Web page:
|Matthew Henry's Concise Commentary|
34:1-9 Elihu calls upon those present to decide with him upon Job's words. The plainest Christian, whose mind is enlightened, whose heart is sanctified by the Spirit of God, and who is versed in the Scriptures, can say how far matters, words, or actions, agree with true religion, better than any that lean to their own understandings. Job had spoken as if he meant wholly to justify himself. He that say, I have cleansed my hands in vain, does not only offend against God's children, Ps 73:13-15, but gratifies his enemies, and says as they say.
Verse 6. - Should I lie against my right? This was an essential portion of Job's argument (see Job 27:4). Against the theory of his secret heinous wickedness put forward by his "comforters," he maintained consistently his freedom from conscious deliberate opposition to the will of God, and refused to make the confessions which they suggested or required, on the ground that they would have been untrue - in making them he would have "lied against his right." In this certainly Job "sinned not." But it was essential to the theory of Elihu, no less than to that of Eliphaz and his friends, that Job was suffering on account of past iniquity, whether he were being punished for it in anger or chastised for it in love (see Job 33:17, 27). My wound (literally, my arrow; comp. Job 6:4) is incurable without transgression; i.e. without my having committed any transgression to account for it.
Gill's Exposition of the Entire Bible
Should I lie against my right?.... No; I ought not: this though Job had not said in so many words, yet this seems to be his sense in Job 27:4; that should he own and say that he was a wicked man, a hypocrite, and destitute of the grace of God, he should not only speak against himself, but, contrary to his conscience, say an untruth, and not do justice to his character. Some read the words without an interrogation, as Mr. Broughton,
"for my right I must be a liar;''
that is, for vindicating my right, seeking and endeavouring to do myself justice, and clear myself from false imputations, I am reckoned a liar. And to this purpose is the paraphrase of Aben Ezra,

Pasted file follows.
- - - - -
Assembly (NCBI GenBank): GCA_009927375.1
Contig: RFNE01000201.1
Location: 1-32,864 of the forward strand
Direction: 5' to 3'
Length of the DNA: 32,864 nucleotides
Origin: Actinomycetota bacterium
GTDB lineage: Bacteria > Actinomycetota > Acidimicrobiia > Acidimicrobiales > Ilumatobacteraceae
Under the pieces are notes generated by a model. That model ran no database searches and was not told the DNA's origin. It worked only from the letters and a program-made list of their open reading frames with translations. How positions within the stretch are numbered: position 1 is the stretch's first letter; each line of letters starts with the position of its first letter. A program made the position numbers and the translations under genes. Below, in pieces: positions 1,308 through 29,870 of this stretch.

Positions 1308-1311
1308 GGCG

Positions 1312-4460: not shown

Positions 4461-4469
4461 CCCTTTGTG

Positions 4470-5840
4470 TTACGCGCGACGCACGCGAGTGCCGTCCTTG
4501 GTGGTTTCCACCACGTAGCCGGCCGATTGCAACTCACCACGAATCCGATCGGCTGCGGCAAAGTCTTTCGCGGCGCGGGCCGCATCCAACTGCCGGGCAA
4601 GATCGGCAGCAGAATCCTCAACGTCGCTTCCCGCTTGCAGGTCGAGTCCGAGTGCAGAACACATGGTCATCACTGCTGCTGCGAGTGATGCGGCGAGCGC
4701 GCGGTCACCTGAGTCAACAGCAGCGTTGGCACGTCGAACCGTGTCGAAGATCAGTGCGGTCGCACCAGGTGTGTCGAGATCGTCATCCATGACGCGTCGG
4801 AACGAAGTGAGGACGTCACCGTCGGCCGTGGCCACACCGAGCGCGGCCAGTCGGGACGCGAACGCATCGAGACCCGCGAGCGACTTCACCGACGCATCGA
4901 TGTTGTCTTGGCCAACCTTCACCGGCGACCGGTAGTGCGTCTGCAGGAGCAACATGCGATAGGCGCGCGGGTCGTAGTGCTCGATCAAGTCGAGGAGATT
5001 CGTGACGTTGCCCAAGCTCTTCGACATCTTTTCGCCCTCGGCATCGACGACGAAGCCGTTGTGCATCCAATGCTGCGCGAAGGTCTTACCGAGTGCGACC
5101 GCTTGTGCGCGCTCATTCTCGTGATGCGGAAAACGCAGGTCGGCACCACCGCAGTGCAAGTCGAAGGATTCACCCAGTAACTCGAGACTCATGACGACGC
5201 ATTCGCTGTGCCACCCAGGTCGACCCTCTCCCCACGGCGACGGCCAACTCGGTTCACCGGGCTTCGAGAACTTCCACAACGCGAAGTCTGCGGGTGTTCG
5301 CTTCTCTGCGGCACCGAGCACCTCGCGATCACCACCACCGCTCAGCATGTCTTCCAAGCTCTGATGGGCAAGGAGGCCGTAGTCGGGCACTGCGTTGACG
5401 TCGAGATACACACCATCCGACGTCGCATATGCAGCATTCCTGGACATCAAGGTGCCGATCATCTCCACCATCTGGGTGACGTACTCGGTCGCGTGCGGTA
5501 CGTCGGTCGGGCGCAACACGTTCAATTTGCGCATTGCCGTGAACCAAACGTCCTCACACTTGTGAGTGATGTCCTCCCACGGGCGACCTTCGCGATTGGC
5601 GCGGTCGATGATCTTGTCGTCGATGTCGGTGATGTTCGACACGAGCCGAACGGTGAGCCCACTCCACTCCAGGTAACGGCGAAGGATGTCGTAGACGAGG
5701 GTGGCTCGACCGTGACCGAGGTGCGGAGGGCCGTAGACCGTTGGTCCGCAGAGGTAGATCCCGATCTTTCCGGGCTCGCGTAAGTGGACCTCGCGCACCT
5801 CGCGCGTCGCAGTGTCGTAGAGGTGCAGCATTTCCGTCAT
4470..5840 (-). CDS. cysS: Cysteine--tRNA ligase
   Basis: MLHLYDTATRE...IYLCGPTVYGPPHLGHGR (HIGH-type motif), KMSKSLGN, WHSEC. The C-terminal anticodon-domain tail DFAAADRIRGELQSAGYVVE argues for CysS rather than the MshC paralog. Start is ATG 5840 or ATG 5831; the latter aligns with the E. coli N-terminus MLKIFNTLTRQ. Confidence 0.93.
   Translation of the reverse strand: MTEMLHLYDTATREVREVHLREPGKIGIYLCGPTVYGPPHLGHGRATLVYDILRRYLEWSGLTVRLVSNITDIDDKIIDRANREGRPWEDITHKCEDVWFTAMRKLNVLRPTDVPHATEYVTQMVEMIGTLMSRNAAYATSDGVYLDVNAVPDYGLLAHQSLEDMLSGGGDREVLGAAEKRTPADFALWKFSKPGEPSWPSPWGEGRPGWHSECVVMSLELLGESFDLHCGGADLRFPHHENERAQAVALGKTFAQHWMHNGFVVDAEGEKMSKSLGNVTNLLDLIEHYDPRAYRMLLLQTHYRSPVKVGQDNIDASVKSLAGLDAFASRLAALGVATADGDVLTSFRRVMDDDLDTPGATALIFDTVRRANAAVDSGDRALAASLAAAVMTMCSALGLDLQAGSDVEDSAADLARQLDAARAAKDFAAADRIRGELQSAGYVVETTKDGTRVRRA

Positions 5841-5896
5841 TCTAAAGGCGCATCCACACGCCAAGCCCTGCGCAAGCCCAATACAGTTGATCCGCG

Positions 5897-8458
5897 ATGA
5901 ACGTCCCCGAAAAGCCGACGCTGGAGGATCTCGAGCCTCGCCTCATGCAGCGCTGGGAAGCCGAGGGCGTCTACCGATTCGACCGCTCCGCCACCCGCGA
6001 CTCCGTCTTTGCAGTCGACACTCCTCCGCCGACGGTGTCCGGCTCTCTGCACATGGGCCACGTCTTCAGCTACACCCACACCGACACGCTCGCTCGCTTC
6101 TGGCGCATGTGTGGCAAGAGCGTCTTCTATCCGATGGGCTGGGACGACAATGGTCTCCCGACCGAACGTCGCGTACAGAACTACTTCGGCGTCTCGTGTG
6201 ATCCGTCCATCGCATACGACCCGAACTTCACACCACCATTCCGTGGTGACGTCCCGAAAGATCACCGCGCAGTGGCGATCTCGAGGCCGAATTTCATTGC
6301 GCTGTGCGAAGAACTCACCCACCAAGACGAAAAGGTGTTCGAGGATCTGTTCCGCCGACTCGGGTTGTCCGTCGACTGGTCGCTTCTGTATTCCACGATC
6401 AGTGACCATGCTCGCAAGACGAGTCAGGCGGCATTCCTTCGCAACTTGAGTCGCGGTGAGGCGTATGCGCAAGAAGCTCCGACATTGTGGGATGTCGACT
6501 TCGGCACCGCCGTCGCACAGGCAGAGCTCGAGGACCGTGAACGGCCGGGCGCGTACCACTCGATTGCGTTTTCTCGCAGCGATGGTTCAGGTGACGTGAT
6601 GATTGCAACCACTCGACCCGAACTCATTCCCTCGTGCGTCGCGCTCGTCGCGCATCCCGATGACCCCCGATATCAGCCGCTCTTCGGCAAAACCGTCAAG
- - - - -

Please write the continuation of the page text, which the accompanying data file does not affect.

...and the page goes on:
"because I seek judgment, they say that I lie.''
Others render them, "there is a lie in judging me", so the Vulgate Latin version; that is,
"I am falsely accused, I am judged wrongfully:''
things I know not are laid to my charge, which has often been the case of good men: or, "I have lied in judgment"; that is, "failed", as the word is sometimes used, Isaiah 58:11; failed in his expectation of judgment or of justice being done him; he looked for it, but was disappointed; but the first sense seems best;
my wound is incurable without transgression; not that he thought himself without transgression, but that his wound or stroke inflicted on him, or the afflictions he was exercised with, were without cause; were not for any injustice in his hands, or wickedness that he had committed; and that he utterly despaired of being rid of them, or restored to his former health and prosperity; and to this sense he had expressed himself, Job 9:17. In the Hebrew text it is, "my arrow" (y), that is, the arrow that was in him, the arrows of the Lord that stuck fast in him; these were thrown at him and fastened in him without cause; and there was no hope of their being drawn out, or of the wounds made by them being healed; see Job 6:4. Now what Elihu was offended at in these expressions was, that Job should so rigidly insist on his innocence, and not own himself faulty in any respect; nor allow there was any cause for his afflictions, nor entertain any hope of the removal of them: whereas it became him to acknowledge his sins, which no man is free from, and that he was dealt with less than his iniquities deserved; and that, instead of indulging despair, he should rather say, "I will return" to the Lord; he hath "torn" and he will "heal", he hath "smitten" and he will "bind up", Hosea 6:1.
(y) "sagitta mea", Montanus, Schultens, Michaelis.
Jamieson-Fausset-Brown Bible Commentary
6. Were I to renounce my right (that is, confess myself guilty), I should die. Job virtually had said so (Job 27:4, 5; 6:28). Maurer, not so well, "Notwithstanding my right (innocence) I am treated as a liar," by God, by His afflicting me.
my wound—literally, "mine arrow," namely, by which I am pierced. So "my stroke" ("hand," Job 23:2, Margin). My sickness (Job 6:4; 16:13).
without transgression—without fault of mine to deserve it (Job 16:17).
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